Image_3_Manipulation of EGFR-Induced Signaling for the Recruitment of Quiescent Neural Stem Cells in the Adult Mouse Forebrain.JPEG (846.15 kB)
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Image_3_Manipulation of EGFR-Induced Signaling for the Recruitment of Quiescent Neural Stem Cells in the Adult Mouse Forebrain.JPEG

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posted on 26.03.2021, 04:20 by Loïc M. Cochard, Louis-Charles Levros, Sandra E. Joppé, Federico Pratesi, Anne Aumont, Karl J. L. Fernandes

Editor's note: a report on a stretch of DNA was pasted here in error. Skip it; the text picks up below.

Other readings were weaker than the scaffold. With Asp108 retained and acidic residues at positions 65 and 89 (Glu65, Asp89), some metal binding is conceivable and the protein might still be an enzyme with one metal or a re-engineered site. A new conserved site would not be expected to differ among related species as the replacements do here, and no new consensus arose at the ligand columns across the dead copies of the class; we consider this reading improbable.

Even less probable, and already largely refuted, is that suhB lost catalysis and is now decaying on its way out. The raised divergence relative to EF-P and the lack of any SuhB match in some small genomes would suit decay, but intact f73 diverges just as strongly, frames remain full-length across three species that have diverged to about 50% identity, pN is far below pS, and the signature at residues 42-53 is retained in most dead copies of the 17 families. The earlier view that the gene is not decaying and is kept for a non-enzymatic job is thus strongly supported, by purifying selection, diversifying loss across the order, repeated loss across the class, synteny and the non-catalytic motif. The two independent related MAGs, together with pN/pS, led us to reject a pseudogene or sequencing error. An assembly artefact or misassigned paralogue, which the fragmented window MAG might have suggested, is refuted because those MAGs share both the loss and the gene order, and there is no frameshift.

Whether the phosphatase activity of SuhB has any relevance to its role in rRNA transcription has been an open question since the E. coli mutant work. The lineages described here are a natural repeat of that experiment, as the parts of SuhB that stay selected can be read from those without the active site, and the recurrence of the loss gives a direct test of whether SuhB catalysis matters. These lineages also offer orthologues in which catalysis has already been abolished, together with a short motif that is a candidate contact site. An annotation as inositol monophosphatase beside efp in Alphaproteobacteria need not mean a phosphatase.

The ventricular-subventricular zone (V-SVZ) is the principal neurogenic niche in the adult mammalian forebrain. Neural stem/progenitor cell (NSPC) activity within the V-SVZ is controlled by numerous of extrinsic factors, whose downstream effects on NSPC proliferation, survival and differentiation are transduced via a limited number of intracellular signaling pathways. Here, we investigated the relationship between age-related changes in NSPC output and activity of signaling pathways downstream of the epidermal growth factor receptor (EGFR), a major regulator of NSPC activity. Biochemical experiments indicated that age-related decline of NSPC activity in vivo is accompanied by selective deficits amongst various EGFR-induced signal pathways within the V-SVZ niche. Pharmacological loss-of-function signaling experiments with cultured NSPCs revealed both overlap and selectivity in the biological functions modulated by the EGFR-induced PI3K/AKT, MEK/ERK and mTOR signaling modules. Specifically, while all three modules promoted EGFR-mediated NSPC proliferation, only mTOR contributed to NSPC survival and only MEK/ERK repressed NSPC differentiation. Using a gain-of-function in vivo genetic approach, we electroporated a constitutively active EGFR construct into a subpopulation of quiescent, EGFR-negative neural stem cells (qNSCs); this ectopic activation of EGFR signaling enabled qNSCs to divide in 3-month-old early adult mice, but not in mice at middle-age or carrying familial Alzheimer disease mutations. Thus, (i) individual EGFR-induced signaling pathways have dissociable effects on NSPC proliferation, survival, and differentiation, (ii) activation of EGFR signaling is sufficient to stimulate qNSC cell cycle entry during early adulthood, and (iii) the proliferative effects of EGFR-induced signaling are dominantly overridden by anti-proliferative signals associated with aging and Alzheimer’s disease.

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